Homeless Kelowna campers struggle in the freezing weather to pack up tents, possessions | iNFOnews | Thompson-Okanagan's News Source

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Homeless Kelowna campers struggle in the freezing weather to pack up tents, possessions

Dave Laboucane struggles to pack up his tent for the day in the face of howling winds and dropping temperatures at one of Kelowna's new tent cities near the curling club, Wednesday, Nov. 27, 2019.
November 27, 2019 - 3:37 PM

CONTENT WARNING

People who spent the night in tents near the Kelowna Curling Club struggled to pack up the up and store their possessions while battling a howling frigid wind today.

Temperatures are expected to grow even colder for the next few days.

“Nobody will be getting out of their tents in the morning,” predicted Darieck Thomas.

“My hands are already frozen,” added his wife Gee.

That was at about 11 a.m. today, Nov. 27 – about 24 hours after they were forced to pack up their tents and possession from Leon Avenue and set up again in the infield of a ball diamond behind the Kelowna Curing Club. It took at least another 90 minutes to pack up the last of the tents and possessions.

“It’s a good thing I have a girlfriend to snuggle up with,” Dave Laboucane said as he pulled another sweater out of a tent filled with bags. “I don’t have any money and it costs for propane for my heater.”

While he’s upset about not having a warm place to sleep at night and temperatures are going to drop to around -12 C, he philosophically asked: “What am I going to do about it?”

All three were more upset about the hassles of packing up their tents every morning then setting up again at night, in the dark.

Would they welcome a warm place to sleep at night?

“Fuck yes,” Darieck Thomas said.

The City is granting them some leniency about being packed up by 9 a.m. to start with but is insisting the tents can’t stay up during the day.

The campers are, however, relatively content with the location of their new home and their neighbour at the curling club is fine with them being there.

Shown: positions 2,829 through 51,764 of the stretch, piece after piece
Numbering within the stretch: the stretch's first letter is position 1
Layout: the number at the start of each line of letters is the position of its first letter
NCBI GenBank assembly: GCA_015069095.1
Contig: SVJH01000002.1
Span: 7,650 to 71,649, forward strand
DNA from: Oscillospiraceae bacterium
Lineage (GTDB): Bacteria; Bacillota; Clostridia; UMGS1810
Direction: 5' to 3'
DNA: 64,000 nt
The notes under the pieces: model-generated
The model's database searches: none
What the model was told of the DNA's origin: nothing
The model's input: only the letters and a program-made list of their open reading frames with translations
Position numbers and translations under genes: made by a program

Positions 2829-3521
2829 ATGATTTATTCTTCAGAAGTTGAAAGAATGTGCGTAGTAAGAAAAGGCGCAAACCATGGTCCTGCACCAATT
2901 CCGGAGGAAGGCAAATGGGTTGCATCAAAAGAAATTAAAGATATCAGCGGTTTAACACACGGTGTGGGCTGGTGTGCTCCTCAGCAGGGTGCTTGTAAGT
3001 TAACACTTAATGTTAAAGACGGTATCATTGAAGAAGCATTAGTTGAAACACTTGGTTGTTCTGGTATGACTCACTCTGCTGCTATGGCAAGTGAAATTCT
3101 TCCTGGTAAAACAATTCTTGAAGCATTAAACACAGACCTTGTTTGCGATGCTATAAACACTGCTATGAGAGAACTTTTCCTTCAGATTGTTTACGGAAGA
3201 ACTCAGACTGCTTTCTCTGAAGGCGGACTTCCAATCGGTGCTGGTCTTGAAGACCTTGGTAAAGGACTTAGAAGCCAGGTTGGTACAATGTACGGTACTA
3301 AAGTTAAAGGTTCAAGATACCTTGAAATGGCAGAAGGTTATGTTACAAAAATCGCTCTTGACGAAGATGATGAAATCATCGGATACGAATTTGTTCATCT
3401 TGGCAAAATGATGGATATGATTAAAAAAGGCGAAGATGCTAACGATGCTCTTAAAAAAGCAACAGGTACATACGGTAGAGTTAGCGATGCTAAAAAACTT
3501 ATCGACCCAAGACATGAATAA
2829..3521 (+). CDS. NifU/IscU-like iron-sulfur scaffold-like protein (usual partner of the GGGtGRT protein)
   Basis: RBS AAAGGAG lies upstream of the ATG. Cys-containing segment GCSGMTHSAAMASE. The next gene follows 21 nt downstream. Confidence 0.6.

“Things went really well last night,” general manager Jock Tyre told iNFOnews.ca. “I would not want to be out there with the howling wind.”

Tyre was given a courtesy call by the City on Monday evening to let him know the site was going to be offered to the homeless campers. It wasn’t until yesterday morning that crews arrived to set up fencing between the infield and the curling rink’s parking lot, install a shipping container for storage along with port-a-potties.

Security cameras are being installed and the curling club is looking at improved lighting options for the parking lot.

The site does not impact the club’s operation but Tyre noted it has to be a temporary fix. In April he needs that space so he can erect a massive tent as the facility will host the World Mixed Doubles and Senior Curling Championships.

On the other side of the ball field is the Canada Post mail sorting station.

Matthew Aitken is the president of the Canadian Union of Postal Workers Local 760 which represents the workers – some of whom work graveyard shifts at the station.

“The building is quite secure,” he told iNFOnews.ca. “Canada Post has lots of security measures so everybody’s mail and everybody’s products are safe. There’s fenced compounds and fenced parking lots around the property and security cameras and there is 24-hour on-site security."

He noted that just because the new neighbours are homeless doesn’t automatically mean they are criminals or dangerous.

“I don’t see a lot of potential issues related to the relocation of the tent city,” he said. “My concern is more for the people who are there, out in the cold, on the fringes of society because capitalism has let them down.”


To contact a reporter for this story, email Rob Munro or call 250-808-0143 or email the editor. You can also submit photos, videos or news tips to the newsroom and be entered to win a monthly prize draw.

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